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Book a flight -- and a hospital room

Tourists have long had many pursuits, from museums to quaint villages to get-away-from-it-all beaches. Now you can add health care to that list.

"Medical tourism" has become a common term for would-be patients who travel to other countries to get medical treatment -- sometimes for procedures that aren't available or allowed in their own countries -- at prices much less than they would find at home. And that hasn't gone unnoticed in U.S., where several areas are looking to get a piece of this booming business.

The U.S. Centers for Disease Control and Prevention (CDC) estimates up to 750,000 U.S. residents travel abroad annually for medical care, most often for procedures such as cosmetic surgery, dentistry and heart surgery. Other estimates say that number is much larger.

According to the medical tourism website Patients Beyond Borders, there are about 11 million "cross-border patients" worldwide, spending on average between $3,500 and $5,000 per visit and creating a market valued at up to $5.5 billion.

Demographics are also playing a big role. Given an aging global population and a rising middle class in many emerging economies, Patients Beyond Borders notes the number of relatively affluent people is rising "at rates that surpass the availability of quality healthcare resources." It also estimates the worldwide medical tourism market is expanding at a rate of 15% to 25%.

"The international medical marketplace is about to take off," Dr. Marty Makary, a surgery and public health expert at the Johns Hopkins Center for Global Health, recently told AARP.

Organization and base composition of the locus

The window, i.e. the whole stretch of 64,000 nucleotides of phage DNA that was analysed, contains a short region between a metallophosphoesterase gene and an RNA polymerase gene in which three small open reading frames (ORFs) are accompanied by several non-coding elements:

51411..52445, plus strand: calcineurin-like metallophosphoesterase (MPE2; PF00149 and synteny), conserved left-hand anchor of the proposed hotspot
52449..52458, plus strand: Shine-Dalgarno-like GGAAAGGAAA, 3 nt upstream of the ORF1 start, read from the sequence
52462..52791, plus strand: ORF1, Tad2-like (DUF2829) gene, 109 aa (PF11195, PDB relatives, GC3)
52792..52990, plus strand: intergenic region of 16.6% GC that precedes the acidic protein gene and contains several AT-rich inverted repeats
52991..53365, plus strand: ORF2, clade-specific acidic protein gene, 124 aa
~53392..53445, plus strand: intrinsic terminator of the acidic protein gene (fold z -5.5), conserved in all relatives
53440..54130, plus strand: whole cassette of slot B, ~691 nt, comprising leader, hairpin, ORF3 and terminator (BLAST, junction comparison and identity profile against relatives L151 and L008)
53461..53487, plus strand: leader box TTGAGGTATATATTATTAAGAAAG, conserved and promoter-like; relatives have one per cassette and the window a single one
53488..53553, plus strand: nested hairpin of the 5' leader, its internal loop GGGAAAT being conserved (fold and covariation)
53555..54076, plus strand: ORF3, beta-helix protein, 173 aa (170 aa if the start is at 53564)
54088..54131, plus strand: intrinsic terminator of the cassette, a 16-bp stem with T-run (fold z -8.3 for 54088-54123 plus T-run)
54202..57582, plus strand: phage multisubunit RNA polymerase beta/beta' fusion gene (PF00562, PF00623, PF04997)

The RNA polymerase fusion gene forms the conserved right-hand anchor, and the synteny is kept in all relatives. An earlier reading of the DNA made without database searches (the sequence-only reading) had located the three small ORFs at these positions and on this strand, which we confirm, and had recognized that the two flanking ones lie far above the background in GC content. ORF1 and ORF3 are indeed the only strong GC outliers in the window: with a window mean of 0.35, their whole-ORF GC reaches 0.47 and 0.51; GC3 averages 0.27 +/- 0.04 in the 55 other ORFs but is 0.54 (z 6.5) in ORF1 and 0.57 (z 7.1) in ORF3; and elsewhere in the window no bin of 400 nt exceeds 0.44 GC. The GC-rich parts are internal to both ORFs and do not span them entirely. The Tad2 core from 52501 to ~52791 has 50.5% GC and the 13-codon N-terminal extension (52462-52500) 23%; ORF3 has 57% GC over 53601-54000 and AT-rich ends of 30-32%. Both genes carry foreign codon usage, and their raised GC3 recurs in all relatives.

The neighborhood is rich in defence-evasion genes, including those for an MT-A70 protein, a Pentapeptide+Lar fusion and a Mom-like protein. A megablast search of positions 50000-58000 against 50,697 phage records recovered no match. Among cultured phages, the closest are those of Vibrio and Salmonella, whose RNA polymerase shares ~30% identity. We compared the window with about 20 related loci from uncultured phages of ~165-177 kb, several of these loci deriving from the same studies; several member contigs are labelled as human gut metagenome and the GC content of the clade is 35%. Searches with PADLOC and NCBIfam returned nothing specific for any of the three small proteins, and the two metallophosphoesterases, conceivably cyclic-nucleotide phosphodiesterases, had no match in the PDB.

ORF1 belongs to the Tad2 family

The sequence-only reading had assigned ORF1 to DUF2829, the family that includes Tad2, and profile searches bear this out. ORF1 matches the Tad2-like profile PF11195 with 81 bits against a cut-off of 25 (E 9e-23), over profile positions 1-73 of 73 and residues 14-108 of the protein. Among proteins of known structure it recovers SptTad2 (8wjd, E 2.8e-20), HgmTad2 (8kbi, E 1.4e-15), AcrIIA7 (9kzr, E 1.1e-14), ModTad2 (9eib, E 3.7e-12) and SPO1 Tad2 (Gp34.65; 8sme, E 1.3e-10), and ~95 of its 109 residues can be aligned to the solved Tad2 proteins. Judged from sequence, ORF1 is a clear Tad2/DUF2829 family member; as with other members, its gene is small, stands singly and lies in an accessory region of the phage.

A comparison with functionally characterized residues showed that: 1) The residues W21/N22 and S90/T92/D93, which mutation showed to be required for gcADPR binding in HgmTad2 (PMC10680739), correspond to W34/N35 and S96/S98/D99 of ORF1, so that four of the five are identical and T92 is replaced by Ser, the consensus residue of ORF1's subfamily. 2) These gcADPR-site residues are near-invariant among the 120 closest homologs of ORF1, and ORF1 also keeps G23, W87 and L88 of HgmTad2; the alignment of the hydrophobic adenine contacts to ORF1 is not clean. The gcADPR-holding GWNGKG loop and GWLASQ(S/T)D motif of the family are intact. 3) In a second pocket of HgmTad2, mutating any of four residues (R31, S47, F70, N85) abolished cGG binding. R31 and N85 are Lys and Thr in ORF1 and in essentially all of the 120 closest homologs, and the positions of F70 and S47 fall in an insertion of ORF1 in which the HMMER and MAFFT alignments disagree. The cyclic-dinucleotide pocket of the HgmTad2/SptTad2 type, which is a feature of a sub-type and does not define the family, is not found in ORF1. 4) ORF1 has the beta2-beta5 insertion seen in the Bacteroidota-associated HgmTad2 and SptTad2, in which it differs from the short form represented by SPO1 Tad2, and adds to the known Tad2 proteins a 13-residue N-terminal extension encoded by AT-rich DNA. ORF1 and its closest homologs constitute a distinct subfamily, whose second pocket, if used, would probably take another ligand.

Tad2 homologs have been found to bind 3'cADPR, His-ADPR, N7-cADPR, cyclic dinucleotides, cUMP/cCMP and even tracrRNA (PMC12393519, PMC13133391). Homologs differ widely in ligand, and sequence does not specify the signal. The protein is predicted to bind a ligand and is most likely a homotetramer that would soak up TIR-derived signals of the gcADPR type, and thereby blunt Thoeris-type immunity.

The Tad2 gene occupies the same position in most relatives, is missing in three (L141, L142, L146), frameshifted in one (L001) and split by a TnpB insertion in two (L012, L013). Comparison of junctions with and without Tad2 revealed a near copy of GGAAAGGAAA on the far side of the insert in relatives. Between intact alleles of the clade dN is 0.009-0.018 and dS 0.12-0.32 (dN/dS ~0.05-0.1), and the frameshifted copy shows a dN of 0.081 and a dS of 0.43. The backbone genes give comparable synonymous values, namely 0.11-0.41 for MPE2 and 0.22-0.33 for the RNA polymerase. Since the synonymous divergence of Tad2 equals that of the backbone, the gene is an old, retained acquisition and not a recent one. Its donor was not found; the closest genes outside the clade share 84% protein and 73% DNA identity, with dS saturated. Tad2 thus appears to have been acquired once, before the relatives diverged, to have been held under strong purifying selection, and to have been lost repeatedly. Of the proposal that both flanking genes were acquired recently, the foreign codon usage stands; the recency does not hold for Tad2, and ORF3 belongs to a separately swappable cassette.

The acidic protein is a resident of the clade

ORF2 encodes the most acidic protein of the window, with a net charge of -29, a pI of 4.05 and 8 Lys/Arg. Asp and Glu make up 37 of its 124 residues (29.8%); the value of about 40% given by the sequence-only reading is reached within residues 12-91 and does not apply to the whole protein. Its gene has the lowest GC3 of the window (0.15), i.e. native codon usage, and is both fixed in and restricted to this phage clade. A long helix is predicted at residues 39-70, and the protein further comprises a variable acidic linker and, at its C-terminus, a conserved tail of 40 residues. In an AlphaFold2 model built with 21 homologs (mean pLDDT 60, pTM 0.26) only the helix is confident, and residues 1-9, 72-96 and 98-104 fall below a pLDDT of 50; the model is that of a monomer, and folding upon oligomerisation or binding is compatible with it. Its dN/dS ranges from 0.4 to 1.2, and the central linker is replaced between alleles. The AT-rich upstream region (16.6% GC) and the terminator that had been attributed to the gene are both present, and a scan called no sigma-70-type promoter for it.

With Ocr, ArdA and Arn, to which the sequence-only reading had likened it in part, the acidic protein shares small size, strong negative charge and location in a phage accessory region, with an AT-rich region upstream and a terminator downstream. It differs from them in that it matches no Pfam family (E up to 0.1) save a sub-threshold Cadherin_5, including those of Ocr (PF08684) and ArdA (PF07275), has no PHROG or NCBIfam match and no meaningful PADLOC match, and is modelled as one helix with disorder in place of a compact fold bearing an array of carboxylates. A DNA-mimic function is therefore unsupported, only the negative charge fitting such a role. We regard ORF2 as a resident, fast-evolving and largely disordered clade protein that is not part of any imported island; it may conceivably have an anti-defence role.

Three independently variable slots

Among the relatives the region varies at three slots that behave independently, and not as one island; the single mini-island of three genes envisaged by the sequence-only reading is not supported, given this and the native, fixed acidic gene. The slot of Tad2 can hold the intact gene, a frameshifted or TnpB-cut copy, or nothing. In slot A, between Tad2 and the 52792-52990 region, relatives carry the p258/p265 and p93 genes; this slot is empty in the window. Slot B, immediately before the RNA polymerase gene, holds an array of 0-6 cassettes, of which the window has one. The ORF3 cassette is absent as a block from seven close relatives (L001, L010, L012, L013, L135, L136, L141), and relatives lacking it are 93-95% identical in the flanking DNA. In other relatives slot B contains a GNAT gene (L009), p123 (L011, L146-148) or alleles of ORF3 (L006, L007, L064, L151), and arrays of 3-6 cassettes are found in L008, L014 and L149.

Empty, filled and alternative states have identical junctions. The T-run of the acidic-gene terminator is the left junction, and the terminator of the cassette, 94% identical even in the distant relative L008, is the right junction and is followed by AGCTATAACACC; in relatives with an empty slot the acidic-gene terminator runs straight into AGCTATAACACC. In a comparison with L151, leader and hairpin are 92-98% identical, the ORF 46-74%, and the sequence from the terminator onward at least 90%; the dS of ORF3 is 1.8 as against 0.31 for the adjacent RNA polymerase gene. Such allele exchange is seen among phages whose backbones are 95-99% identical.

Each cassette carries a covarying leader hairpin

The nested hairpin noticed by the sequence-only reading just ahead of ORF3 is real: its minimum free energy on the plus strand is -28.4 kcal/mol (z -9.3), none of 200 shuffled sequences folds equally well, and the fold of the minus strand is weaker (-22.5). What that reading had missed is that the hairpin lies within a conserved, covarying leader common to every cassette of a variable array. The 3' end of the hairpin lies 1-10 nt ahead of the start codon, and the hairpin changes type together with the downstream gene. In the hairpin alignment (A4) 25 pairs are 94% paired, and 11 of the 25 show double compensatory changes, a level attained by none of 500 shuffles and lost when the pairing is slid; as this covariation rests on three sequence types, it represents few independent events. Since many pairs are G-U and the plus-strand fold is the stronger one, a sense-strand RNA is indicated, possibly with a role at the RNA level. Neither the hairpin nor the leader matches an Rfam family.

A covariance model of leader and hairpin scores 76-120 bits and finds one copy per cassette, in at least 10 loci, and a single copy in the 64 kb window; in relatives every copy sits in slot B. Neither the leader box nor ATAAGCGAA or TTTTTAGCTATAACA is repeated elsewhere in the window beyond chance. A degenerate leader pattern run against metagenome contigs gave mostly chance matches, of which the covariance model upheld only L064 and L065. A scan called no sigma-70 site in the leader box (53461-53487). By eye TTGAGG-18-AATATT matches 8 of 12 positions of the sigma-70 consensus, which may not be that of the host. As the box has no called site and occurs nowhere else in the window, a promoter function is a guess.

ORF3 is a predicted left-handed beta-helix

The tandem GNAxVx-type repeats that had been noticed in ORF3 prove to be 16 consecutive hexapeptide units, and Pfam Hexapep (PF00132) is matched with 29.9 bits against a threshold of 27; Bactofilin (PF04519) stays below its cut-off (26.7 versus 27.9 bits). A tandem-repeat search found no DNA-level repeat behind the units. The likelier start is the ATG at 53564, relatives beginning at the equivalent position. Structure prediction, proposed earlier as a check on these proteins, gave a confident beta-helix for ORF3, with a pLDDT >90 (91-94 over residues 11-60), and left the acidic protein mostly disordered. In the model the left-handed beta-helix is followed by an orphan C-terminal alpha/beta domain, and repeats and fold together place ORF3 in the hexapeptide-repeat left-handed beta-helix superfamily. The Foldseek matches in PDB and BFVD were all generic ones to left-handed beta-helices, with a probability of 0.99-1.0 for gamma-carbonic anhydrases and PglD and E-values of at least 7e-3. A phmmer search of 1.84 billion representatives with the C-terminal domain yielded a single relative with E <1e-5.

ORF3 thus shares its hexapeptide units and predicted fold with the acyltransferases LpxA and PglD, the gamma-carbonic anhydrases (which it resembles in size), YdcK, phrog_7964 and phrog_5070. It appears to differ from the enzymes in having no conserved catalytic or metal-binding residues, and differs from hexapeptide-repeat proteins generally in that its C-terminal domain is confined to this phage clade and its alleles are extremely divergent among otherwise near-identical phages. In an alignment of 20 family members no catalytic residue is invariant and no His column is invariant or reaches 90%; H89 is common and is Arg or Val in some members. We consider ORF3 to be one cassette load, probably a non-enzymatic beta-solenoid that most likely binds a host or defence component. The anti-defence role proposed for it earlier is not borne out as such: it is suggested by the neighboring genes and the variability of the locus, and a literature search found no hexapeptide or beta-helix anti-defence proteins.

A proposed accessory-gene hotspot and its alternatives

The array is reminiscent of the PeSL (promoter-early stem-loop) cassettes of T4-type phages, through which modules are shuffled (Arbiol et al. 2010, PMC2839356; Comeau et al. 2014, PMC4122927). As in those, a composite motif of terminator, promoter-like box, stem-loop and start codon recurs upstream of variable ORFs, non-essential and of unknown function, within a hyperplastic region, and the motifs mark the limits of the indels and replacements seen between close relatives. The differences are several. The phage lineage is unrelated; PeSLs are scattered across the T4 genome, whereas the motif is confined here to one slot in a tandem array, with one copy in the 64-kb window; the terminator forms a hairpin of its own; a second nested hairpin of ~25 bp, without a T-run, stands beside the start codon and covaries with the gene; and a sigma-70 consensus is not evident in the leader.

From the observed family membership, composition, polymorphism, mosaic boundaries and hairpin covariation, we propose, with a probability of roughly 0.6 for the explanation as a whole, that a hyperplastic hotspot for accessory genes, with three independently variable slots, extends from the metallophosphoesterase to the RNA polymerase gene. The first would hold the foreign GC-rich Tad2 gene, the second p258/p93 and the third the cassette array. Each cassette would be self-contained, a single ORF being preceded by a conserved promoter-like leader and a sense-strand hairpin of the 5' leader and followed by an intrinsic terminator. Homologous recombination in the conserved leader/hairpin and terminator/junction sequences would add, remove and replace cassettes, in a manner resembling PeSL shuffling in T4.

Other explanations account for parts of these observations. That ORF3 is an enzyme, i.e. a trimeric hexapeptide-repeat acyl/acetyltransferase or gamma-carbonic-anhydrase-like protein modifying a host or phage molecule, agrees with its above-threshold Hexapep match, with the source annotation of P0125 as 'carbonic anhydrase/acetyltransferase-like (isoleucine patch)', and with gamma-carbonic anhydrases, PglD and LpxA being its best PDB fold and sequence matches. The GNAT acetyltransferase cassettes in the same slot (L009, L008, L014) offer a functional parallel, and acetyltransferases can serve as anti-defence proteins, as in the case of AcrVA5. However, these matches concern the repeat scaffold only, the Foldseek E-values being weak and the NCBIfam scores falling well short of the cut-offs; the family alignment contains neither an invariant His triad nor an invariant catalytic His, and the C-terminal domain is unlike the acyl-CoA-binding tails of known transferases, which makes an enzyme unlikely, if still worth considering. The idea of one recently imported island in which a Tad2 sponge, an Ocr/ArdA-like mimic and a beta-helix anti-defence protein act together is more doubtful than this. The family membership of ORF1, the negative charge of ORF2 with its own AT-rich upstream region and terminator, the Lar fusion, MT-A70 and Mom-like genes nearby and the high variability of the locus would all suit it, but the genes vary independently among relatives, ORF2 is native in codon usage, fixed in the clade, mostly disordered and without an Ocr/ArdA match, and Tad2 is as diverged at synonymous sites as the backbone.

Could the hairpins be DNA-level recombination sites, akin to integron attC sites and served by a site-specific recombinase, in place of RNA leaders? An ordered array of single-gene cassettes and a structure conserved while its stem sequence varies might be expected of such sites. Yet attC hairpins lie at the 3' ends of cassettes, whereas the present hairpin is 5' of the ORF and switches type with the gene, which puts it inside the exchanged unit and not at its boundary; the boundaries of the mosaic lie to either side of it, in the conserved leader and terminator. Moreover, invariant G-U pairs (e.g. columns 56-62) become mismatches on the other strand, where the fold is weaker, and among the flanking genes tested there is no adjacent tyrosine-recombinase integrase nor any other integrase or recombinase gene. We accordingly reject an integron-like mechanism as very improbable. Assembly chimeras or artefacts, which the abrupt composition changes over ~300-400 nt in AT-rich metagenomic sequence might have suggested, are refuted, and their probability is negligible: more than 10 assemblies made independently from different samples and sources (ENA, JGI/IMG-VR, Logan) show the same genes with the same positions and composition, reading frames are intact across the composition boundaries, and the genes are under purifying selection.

"We're living in the era of the high deductible," he continued, "$10,000 in the bronze family plan under the new health law. People are paying more and looking to cut costs."

While rising health care costs may be prompting many Americans to travel abroad for affordable medical procedures, some parts of the U.S. are planning to lure both them and foreigners looking for such care.

Earlier this year, officials in Florida were considering spending several million dollars on advertising the Sunshine State as a destination for medical tourism. Proponents say the state has potential to market itself as the go-to place for uncommon and innovative medical treatment.

"Health care is focused on the super-specialization of services," Renee-Marie Stephano, president of the Medical Tourism Association, said during a recent conference on the issue. "Patients are no longer looking to go to general hospitals if they have a specialized condition."

Las Vegas is also trying to encourage medical tourism. In August, it unveiled the "Las Vegas Regional Strategic Plan For Medical & Wellness Tourism," that proponents say could profit from the region's existing economic and cultural strengths.

"Traditionally, global medical tourism has featured low-cost treatments in foreign countries and expensive, high-quality care at domestic medical providers," Stowe Shoemaker, dean of the William F. Harrah College of Hotel Administration at University of Nevada Las Vegas said in a statement.

"This plan offers a third way that capitalizes on Las Vegas's unique assets in tourism, wellness, and customer service."

The Las Vegas plan did acknowledge, however, that the region needed to support the growth of medical education and research if it wanted to attract more medical meetings as well as more "top-grade medical professionals and specialized medical tourism concierge professionals."

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